By: Kelsey Carpenter
On Election Day 2015, Ohio voters implemented ballot initiative Issue 1. This initiative creates a bipartisan redistricting commission to draw the state legislative district lines following the 2020 census, as opposed to the current system that allows the majority party to elect five partisan members to the redistricting commission. According to Issue 1, a seven-member panel that includes representatives from both the majority and minority parties will redraw the lines. The redistricting plan will pass for four years if four members of the panel accept the lines, while it will last for ten years if at least two of those votes come from members of the minority party. It is an interesting plan that attempts to eliminate partisan politics by incentivizing bipartisanship and cooperation.
It is argued by supporters of the Issue that by removing partisanship from the district line drawing, Ohio will see fairer elections. Ohio has had issues with fair elections in the past. In the 2014 election, 57% of voters selected Republican candidates for the House; however, Republicans won 65% of the seats. The Senate featured a similar situation where 54% of voters selected Republican candidates, while Republicans won 59% of the seats in the Senate. These numbers do not correlate, and a way to explain this discrepancy is that the line drawing after the 2010 census gave preference to Republican candidates. This issue is not unique to Ohio; many states struggle with partisan line drawing battles and are attempting to utilize ballot initiatives to change this trend. A big milestone came for supporters after the Supreme Court ruled in Arizona State Legislature v. Arizona Independent Redistricting Commission (2015) that Arizona’s use of an independent redistricting commission was constitutional. Four states passed initiatives that created bipartisan redrawing commissions prior to the 2015 election. While Ohio did pass the initiative this year, this is not the first time that redistricting reform has been on the ballot.
While removing partisanship from redistricting garners wide support nationally, Ohio has not set the best precedent for electing to create bipartisan voting commissions. Prior to this year, there had been three initiatives proposed. The 1981 Amendment 2 was shot down with 58.06% of Ohio voters in opposition, the 2005 Amendment 4 was denied with 69.70% of voters in opposition, and the 2012 Issue 2 was defeated with 63.2% of voters in opposition. Clearly, Ohio voters were not on-board with these updates to the state constitution. However, Election Day proved a shift in the voters’ attitudes.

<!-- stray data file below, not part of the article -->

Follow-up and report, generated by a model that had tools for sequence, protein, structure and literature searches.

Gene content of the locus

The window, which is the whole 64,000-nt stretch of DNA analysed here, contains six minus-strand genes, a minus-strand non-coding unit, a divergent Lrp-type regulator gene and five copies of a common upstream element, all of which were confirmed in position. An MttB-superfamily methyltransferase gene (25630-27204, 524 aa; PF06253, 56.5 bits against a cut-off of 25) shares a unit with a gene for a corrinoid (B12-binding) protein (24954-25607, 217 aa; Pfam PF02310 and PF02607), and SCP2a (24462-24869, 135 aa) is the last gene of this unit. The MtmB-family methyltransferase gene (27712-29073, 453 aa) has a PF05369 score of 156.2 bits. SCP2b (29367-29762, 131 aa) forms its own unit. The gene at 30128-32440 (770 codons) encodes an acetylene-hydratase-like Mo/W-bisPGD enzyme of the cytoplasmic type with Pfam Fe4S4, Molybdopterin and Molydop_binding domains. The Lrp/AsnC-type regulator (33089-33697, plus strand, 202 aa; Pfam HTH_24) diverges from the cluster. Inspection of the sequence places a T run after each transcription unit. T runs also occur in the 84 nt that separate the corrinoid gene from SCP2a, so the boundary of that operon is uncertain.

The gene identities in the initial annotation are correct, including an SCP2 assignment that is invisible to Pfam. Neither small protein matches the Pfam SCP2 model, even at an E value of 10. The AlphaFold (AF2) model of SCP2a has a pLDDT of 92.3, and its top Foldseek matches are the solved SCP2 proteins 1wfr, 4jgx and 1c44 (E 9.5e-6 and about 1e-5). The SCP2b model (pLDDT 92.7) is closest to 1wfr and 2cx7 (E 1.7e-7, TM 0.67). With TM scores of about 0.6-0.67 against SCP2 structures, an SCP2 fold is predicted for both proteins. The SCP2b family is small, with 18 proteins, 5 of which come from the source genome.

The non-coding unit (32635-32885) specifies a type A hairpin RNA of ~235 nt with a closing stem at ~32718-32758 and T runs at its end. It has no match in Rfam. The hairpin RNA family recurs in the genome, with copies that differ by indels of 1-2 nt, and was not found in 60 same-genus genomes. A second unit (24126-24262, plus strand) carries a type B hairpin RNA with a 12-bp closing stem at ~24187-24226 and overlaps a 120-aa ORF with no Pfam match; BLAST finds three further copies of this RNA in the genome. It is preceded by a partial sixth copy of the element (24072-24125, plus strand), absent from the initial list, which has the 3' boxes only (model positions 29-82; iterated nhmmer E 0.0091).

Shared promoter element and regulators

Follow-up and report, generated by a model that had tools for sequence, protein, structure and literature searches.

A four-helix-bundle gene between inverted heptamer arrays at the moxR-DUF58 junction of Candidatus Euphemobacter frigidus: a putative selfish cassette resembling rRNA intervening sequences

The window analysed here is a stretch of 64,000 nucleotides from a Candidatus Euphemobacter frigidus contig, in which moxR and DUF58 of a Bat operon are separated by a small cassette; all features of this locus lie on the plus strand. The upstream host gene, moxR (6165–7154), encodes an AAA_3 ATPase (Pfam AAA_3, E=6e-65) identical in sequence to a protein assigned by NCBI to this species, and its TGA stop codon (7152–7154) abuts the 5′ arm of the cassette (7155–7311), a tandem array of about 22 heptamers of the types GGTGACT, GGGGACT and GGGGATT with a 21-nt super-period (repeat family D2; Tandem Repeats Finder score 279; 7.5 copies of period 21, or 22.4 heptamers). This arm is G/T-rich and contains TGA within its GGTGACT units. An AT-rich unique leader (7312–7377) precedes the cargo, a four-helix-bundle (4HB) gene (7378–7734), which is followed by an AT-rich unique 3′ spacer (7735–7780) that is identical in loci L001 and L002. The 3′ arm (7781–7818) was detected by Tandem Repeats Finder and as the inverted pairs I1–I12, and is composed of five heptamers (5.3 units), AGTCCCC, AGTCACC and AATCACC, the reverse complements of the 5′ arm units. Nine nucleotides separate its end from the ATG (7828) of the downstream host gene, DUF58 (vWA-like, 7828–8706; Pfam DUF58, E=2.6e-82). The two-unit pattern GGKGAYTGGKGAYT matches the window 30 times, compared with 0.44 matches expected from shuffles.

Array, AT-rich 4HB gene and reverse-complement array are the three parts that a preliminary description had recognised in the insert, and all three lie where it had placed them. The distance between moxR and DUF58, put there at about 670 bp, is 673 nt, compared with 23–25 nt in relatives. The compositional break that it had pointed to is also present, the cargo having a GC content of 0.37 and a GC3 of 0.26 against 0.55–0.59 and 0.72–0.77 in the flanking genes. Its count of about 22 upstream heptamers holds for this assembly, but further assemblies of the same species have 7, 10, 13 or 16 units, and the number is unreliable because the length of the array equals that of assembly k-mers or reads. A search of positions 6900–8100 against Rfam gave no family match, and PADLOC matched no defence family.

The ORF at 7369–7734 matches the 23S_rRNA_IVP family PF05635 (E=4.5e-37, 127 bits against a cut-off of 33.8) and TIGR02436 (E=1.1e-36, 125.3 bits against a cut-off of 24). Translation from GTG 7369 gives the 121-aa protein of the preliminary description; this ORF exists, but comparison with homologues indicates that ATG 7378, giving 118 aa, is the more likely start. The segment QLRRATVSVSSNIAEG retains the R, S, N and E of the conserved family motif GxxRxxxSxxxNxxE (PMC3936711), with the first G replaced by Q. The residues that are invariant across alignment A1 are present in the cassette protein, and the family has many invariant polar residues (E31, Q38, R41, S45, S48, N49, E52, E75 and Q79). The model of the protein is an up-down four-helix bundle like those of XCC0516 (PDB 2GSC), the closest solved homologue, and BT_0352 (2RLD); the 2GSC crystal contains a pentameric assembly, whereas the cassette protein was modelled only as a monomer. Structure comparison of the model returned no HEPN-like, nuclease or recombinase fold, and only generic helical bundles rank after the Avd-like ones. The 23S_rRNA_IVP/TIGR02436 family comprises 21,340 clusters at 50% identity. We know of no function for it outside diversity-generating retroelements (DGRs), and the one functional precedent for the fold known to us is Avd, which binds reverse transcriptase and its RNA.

Issue 1 passed with 71% of the vote. Even though it could be argued that the Ohio Republican Party benefitted the most from the current redistricting policy, the party released a statement praising the Ohio voters for making this bipartisan effort possible. Most interest groups that were against the redistricting change in 2012 actually helped the initiative pass as well. Perhaps this is due to the Arizona State Legislature case, or the obvious disparity between voters’ political preferences and the distribution of legislature seats. Pre-election polls conducted by the University of Akron and Bowling Green State University found that 44% and 54% of voters respectively would be in favor of this change. Both polls also showed a large percentage of the voters being undecided on the issue (29% and 32.2%, respectively), so the last minute efforts of supporters of Issue 1 worked. Even though Issues 2 and 3 gained much more media attention due to their relation to marijuana legalization, the Ohio voters clearly valued this bipartisan effort.